Consumer Reports: 7 steps to more data security
Tips to help you stay safe from identity theft, other digital dangers
Consumer Reports has seven tips for keeping your data safe from those who'd want to steal it.
Just Say No
“Be stingy with personal information,” advises Justin Brookman, Consumer Reports’ director of consumer privacy and technology policy. The less data you give out, the less there is to be stolen. Consumers aren’t obliged to comply with every request for personal data.
Guard Mom’s Maiden Name
Because crooks can search online for details such as your mother’s maiden name or where you attended elementary school, use memorable but fictitious details for online security questions.
Using strong passwords is a must, but it’s just as critical to use different ones for each site. You don’t want cybercriminals to luck into your banking password if they happen to hack into your favorite site for cute socks.
Write It Down
In a perfect world, you’d commit your hard-to-hack, 11-character alphanumeric passwords to memory. It’s not a perfect world. “If you don’t have nosy roommates, just write down your passwords” in a secure spot, Brookman says. (Experts also recommend digital password managers.)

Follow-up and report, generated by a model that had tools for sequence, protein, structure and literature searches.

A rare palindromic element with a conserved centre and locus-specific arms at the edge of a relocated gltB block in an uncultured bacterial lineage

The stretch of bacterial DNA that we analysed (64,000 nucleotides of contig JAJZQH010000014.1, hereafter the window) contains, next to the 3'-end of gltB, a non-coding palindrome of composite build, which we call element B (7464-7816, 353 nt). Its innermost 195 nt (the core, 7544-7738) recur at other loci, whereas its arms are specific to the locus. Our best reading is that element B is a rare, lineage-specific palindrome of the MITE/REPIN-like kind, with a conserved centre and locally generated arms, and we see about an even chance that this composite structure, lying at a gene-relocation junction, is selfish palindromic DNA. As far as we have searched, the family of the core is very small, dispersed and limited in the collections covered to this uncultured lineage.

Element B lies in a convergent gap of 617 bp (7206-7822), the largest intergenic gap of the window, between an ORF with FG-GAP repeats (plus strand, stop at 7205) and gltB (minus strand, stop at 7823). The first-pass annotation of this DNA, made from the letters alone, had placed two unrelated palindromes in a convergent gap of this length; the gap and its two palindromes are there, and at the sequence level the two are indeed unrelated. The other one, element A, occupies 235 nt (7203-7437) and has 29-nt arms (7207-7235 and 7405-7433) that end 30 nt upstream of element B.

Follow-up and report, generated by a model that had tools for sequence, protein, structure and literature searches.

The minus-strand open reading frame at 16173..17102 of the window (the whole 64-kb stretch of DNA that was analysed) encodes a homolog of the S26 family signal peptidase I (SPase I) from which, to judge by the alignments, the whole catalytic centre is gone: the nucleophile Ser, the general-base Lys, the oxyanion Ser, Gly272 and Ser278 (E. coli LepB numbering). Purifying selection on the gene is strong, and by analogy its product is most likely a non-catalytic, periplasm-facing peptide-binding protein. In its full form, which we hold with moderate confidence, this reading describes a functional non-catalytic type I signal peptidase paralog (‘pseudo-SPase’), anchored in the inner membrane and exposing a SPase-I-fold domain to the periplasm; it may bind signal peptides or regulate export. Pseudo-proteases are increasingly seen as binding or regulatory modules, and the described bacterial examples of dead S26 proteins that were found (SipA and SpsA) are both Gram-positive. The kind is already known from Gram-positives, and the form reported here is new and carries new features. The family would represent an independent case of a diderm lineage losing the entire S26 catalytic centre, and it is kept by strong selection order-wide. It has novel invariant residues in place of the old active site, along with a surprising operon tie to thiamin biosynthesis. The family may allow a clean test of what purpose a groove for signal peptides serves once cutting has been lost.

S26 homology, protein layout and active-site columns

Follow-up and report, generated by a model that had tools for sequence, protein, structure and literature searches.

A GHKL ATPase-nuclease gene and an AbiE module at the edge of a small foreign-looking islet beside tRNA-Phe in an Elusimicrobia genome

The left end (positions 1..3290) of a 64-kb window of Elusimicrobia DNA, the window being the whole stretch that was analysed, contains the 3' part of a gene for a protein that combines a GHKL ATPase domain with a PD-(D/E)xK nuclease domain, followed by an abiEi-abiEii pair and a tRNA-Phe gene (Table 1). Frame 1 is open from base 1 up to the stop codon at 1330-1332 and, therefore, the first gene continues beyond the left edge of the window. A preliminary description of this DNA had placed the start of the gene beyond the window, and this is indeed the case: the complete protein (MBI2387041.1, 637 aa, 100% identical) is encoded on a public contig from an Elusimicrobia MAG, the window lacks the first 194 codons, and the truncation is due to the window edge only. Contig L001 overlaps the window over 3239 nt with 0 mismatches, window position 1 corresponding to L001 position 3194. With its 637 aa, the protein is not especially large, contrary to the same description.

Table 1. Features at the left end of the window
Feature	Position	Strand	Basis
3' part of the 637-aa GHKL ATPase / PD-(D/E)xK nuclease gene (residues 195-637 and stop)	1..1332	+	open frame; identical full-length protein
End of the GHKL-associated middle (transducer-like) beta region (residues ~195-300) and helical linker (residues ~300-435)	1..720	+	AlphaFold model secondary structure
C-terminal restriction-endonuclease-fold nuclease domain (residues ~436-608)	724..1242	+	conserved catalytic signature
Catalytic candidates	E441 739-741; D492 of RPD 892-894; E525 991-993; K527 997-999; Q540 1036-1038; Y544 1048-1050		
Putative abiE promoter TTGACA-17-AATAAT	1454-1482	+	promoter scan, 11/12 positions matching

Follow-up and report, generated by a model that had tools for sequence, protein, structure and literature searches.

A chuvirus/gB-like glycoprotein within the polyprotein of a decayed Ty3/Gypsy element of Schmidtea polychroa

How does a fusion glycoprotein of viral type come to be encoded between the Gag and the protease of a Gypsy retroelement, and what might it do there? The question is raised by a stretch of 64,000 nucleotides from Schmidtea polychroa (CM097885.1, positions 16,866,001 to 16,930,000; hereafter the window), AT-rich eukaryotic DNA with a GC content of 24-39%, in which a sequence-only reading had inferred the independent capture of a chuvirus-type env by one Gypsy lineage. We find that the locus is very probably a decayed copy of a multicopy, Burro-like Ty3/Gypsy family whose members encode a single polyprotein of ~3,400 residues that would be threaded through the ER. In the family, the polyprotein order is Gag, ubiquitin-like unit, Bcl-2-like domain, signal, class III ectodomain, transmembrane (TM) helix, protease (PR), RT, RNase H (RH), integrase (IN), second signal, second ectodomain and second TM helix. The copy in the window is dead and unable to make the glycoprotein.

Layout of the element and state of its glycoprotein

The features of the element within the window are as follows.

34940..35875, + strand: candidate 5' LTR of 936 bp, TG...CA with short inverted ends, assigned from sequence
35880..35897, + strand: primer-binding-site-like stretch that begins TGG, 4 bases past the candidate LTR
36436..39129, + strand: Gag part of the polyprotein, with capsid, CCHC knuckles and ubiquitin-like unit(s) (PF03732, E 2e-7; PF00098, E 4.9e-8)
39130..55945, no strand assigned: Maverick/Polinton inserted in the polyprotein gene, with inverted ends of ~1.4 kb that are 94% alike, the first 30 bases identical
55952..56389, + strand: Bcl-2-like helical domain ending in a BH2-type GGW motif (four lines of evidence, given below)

Use a Burner Email
Create a separate email address for one-time purchases and for logging in to the occasional ukulele chat group. That will limit the risk to the email address you use for more sensitive activities.
You can do this free at all of the major credit reporting bureaus, which should make it tough for criminals to get a credit card or mortgage in your name. You can temporarily unfreeze the reports if you need to take out a loan yourself.
Look for suspicious activity on financial accounts, and contact institutions immediately with any questions. The Identity Theft Resource Center has detailed advice for consumers facing data breaches and identity theft.
Editor’s Note: This article also appeared in the March 2019 issue of Consumer Reports magazine.
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